When hiking the Presidential Traverse, most people stay at the Lakes of the Clouds Hut. The hut is managed by the Appalachian Mountain Club and provides co-ed bunk bed accommodations. All bedding, including blankets, sheets, and pillows, is provided, as well as dinner and breakfast. The hut is located on the southern flank of Mt. Washington, just above the tree line, which provides stunning views of the surrounding area.

Shapleigh Bunkhouse

The Shapleigh Bunkhouse is a great option for those looking for moderate accommodations while hiking the Presidential Traverse. Bunk-style lodging is provided, with pillows, sheets, and blankets. Full kitchen and shower facilities are also included. Meals are extra but available at the adjacent AMC Highland Center. There is also a discount for Appalachian Mountain Club members.

Randolph Mountain Club

Crag Camp Cabin

The Randolph Mountain Club’s Crag Camp Cabin is a great option for those looking for inexpensive accommodations while hiking the Presidential Traverse. The cabin is managed by the Randolph Mountain Club and features co-ed-style accommodations with an on-site caretaker. However, you will need to bring your own bedding, food, and stove. The cabin is located just below the treeline on Mt Adams.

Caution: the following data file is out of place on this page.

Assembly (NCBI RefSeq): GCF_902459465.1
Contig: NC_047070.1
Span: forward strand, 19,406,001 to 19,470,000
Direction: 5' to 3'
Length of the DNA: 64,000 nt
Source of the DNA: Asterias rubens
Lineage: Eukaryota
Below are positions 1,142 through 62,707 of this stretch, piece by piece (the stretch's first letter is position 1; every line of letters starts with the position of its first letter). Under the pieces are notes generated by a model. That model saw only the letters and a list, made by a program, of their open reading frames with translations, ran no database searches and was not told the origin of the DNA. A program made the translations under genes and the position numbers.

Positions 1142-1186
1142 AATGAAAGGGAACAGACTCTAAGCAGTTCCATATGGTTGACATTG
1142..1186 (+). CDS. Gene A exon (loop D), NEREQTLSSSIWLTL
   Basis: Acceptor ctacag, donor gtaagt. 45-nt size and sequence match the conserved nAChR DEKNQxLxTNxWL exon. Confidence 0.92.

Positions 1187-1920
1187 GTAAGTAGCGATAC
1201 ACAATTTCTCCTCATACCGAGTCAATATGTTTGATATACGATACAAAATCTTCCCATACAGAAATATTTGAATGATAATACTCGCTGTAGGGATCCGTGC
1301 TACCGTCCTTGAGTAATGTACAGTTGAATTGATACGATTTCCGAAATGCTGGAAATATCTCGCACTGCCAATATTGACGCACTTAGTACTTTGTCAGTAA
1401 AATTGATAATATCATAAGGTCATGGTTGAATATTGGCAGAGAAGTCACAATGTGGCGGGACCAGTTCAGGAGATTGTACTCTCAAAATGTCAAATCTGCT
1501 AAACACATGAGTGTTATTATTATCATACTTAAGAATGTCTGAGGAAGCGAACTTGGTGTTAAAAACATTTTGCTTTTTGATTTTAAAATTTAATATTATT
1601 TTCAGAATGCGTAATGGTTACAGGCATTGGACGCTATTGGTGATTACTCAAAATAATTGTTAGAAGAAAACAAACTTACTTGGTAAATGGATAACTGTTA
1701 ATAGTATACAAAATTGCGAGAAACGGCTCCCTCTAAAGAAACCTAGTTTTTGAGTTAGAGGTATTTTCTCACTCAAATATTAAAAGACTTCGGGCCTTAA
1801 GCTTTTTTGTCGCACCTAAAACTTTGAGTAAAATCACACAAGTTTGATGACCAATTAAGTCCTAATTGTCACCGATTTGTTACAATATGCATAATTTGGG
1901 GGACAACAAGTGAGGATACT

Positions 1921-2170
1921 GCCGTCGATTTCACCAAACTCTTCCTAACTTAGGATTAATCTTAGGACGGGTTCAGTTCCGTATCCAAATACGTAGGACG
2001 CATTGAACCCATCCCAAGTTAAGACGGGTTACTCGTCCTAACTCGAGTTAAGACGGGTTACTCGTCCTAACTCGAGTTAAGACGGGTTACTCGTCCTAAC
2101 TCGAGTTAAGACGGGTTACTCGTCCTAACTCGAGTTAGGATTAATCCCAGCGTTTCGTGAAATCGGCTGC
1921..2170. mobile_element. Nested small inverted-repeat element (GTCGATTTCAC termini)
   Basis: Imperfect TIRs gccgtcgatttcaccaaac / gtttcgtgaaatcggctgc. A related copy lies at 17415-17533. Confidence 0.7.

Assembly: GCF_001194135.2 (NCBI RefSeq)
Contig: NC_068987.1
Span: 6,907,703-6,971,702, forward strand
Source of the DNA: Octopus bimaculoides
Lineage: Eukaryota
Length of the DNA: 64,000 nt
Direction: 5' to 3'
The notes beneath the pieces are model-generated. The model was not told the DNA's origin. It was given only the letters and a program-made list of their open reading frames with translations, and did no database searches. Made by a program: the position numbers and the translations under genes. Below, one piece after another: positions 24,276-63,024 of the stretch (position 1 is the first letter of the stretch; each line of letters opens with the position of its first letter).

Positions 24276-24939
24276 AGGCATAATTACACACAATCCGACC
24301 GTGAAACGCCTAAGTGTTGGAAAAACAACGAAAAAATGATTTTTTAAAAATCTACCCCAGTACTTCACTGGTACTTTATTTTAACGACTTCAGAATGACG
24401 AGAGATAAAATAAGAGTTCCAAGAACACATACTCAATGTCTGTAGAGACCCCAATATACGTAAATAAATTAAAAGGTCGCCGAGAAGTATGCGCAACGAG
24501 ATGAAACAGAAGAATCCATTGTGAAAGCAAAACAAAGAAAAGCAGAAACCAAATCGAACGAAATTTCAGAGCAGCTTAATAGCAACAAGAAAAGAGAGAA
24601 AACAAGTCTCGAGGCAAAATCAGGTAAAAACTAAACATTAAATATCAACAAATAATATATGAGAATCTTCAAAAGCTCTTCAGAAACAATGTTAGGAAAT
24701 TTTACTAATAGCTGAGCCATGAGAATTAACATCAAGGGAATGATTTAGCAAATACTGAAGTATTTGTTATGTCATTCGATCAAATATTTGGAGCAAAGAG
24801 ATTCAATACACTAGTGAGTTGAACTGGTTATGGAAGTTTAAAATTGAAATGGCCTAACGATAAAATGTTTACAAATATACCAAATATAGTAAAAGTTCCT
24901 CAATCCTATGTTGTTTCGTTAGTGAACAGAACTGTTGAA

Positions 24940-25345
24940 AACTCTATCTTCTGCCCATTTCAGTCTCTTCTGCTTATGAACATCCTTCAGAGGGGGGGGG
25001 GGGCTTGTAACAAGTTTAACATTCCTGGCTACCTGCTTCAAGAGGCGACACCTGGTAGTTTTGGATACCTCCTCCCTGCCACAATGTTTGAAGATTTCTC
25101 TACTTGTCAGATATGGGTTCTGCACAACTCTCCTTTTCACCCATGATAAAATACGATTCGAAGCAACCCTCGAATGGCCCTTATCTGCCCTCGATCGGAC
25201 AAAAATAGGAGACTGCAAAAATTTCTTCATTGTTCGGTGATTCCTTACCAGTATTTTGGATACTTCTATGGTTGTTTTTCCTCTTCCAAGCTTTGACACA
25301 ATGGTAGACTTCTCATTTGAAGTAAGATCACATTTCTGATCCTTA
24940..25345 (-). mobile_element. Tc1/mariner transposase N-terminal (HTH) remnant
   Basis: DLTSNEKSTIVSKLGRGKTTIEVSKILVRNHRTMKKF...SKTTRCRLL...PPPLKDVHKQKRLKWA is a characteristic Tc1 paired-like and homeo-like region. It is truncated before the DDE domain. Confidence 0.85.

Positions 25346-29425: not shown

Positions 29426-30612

Gray Knob Cabin

When planning a Presidential Traverse hike, it’s important to consider where you will stay overnight. The Gray Knob Cabin, managed by the Randolph Mountain Club, is a popular option for hikers. It’s an inexpensive option, but you need to bring your own bedding, food, and stove. The cabin is located just below the treeline on Mt Adams, on Lowes Path.

Perch Shelter and Tent sites

When hiking the Presidential Traverse, you can stay at the Perch Shelter and Tent sites. These sites are managed by the Randolph Mountain Club and are located on the northern side of Mt Adams. The Perch Shelter is a three-sided shelter with adjacent tent platforms. There is a visiting caretaker at the Perch Shelter. Stream water is located nearby. There is also an outhouse. The Perch Shelter and Tent sites are open year-round.

Can You Thru-Hike the At with A Hammock?

Yes, you can thru-hike the AT with a hammock. In fact, many thru-hikers choose to use hammocks because they are lighter and more comfortable than tents. However, you will need to be careful when choosing your campsites, as not all areas will have trees that are spaced far enough apart to accommodate a hammock.

Additionally, you will need to purchase a hammock that is specifically designed for backpacking, as traditional hammocks are not meant to be used in this way. With a little planning and research, you can absolutely complete your AT thru-hike using a hammock! 

Are Hammocks Allowed in The Grand Canyon?

Visitors to Grand Canyon National Park are reminded that all clotheslines, hammocks, and sports nets must be taken down when not in immediate use. This will prevent wildlife from becoming ensnared and protect your property. Hammocks are a great way to relax and enjoy the scenery, but please be sure to take them down when you’re done. Thank you for helping us keep Grand Canyon National Park safe and beautiful!

Finally

In summary, if you are looking for a short day hike with big rewards, the Presidential Traverse is a great choice. The Presidential Traverse combines the best of what the White Mountains have to offer while giving you a sense of accomplishment.